The Power of Song
About this articleThis activity helps young people explore African American history through the study of sacred song. The activity is taken from Church Women: Probing History with Girls but has been adapted for use by all students.
Bring in a recording of an African American sacred song, or invite a local gospel choir or your school or parish choir to come in and perform such a song. A good resource for music is Lead Me, Guide Me: The African American Catholic Hymnal,by GIA Publications (Chicago: GIA Publications, 1987).
1. Invite the students to find a quiet place in the room, where they will not be distracted. Tell them that they will hear a song from the African American tradition. Tell them to concentrate on the words of the song and on the scriptural images that come to mind. Encourage them to engage their imagination, to see and to hear the reality of the song.
When everyone is settled, play the recording or cue the choir. You may want to go through the song twice, so that the students can concentrate on the words.
2. Ask the students to name aloud the words or phrases from the song that they liked or connected with. Record their responses on the board. As words and phrases are called out, the students will discover how differently each person heard what was sung. By collecting and reading the responses, the students can help one another find a deeper connection with the words of the song and with the story behind the song.
3. Lead a discussion of questions such as these:
- What does the song tell you about African American history?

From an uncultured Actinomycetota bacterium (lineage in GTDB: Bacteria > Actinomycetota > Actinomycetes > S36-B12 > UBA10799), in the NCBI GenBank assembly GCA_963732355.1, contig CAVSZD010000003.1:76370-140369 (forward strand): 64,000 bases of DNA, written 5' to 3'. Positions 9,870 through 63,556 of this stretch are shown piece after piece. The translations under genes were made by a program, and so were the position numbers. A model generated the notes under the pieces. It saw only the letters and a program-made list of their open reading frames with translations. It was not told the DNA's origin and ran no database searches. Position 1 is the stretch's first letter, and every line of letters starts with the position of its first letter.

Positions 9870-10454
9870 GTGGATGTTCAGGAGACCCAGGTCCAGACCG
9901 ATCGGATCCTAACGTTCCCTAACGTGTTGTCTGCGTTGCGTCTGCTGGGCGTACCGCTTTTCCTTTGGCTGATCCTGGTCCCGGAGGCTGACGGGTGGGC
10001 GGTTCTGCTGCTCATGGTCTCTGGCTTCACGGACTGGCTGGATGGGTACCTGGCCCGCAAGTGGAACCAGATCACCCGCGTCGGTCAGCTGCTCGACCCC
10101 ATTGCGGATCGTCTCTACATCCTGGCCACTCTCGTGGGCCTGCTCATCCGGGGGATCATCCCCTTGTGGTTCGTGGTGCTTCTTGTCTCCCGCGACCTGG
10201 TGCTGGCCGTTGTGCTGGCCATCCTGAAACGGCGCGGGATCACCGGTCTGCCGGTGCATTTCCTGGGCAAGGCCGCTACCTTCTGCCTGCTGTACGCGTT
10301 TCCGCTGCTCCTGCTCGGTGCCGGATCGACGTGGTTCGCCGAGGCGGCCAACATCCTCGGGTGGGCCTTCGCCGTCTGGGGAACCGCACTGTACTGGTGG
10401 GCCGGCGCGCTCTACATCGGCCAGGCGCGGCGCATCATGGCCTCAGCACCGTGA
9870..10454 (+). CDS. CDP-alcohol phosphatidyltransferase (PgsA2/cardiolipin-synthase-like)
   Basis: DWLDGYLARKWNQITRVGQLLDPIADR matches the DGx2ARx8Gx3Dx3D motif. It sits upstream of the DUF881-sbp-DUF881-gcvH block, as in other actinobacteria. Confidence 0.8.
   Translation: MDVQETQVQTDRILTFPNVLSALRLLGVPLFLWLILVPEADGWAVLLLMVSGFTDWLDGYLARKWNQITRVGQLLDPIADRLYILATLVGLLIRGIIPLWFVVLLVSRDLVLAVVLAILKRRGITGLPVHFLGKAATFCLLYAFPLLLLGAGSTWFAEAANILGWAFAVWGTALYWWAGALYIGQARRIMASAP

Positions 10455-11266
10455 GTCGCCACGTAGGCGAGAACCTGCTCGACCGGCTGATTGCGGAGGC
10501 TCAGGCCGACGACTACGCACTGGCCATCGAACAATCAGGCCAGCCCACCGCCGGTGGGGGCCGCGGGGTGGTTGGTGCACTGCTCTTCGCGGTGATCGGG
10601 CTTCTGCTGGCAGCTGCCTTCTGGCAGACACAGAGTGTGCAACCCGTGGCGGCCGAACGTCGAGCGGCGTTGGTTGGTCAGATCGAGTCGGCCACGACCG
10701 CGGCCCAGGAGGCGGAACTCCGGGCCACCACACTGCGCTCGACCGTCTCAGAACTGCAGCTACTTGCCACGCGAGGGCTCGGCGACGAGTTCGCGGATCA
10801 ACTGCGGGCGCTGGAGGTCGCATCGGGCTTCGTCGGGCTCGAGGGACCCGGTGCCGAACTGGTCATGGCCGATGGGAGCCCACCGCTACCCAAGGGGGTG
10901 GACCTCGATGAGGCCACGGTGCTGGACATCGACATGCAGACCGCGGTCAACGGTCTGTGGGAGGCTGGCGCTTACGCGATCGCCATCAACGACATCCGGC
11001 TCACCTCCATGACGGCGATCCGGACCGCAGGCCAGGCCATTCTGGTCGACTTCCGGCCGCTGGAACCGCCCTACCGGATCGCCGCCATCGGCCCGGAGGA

- What other spirituals do you know? [You might provide one or two familiar examples, such as "Amazing Grace" and "Swing Low, Sweet Chariot."]
- What are common themes of the spirituals you are familiar with?
- What do you think we can learn from spirituals?
4. Give the students time to think and write about the music they like to listen to. Encourage them to consider what that music passes on to the listener, in contrast to what spirituals pass on.
(This activity is adapted from Church Women: Probing History with Girls, a manual in the Voices series, by Laurie Delgatto with Marilyn Kielbasa [Winona, MN: Saint Mary's Press, 2002], pages 74-75. Copyright © 2002 by Saint Mary's Press. Permission is granted for this activity to be used for classroom or campus ministry purposes. This activity may not be republished in any form without written permission from Saint Mary's Press. To order this book, contact Saint Mary's Press at 800-533-8095, or visit our online catalog at www.smp.org/catalog.cfm.)
Published January 12, 2004.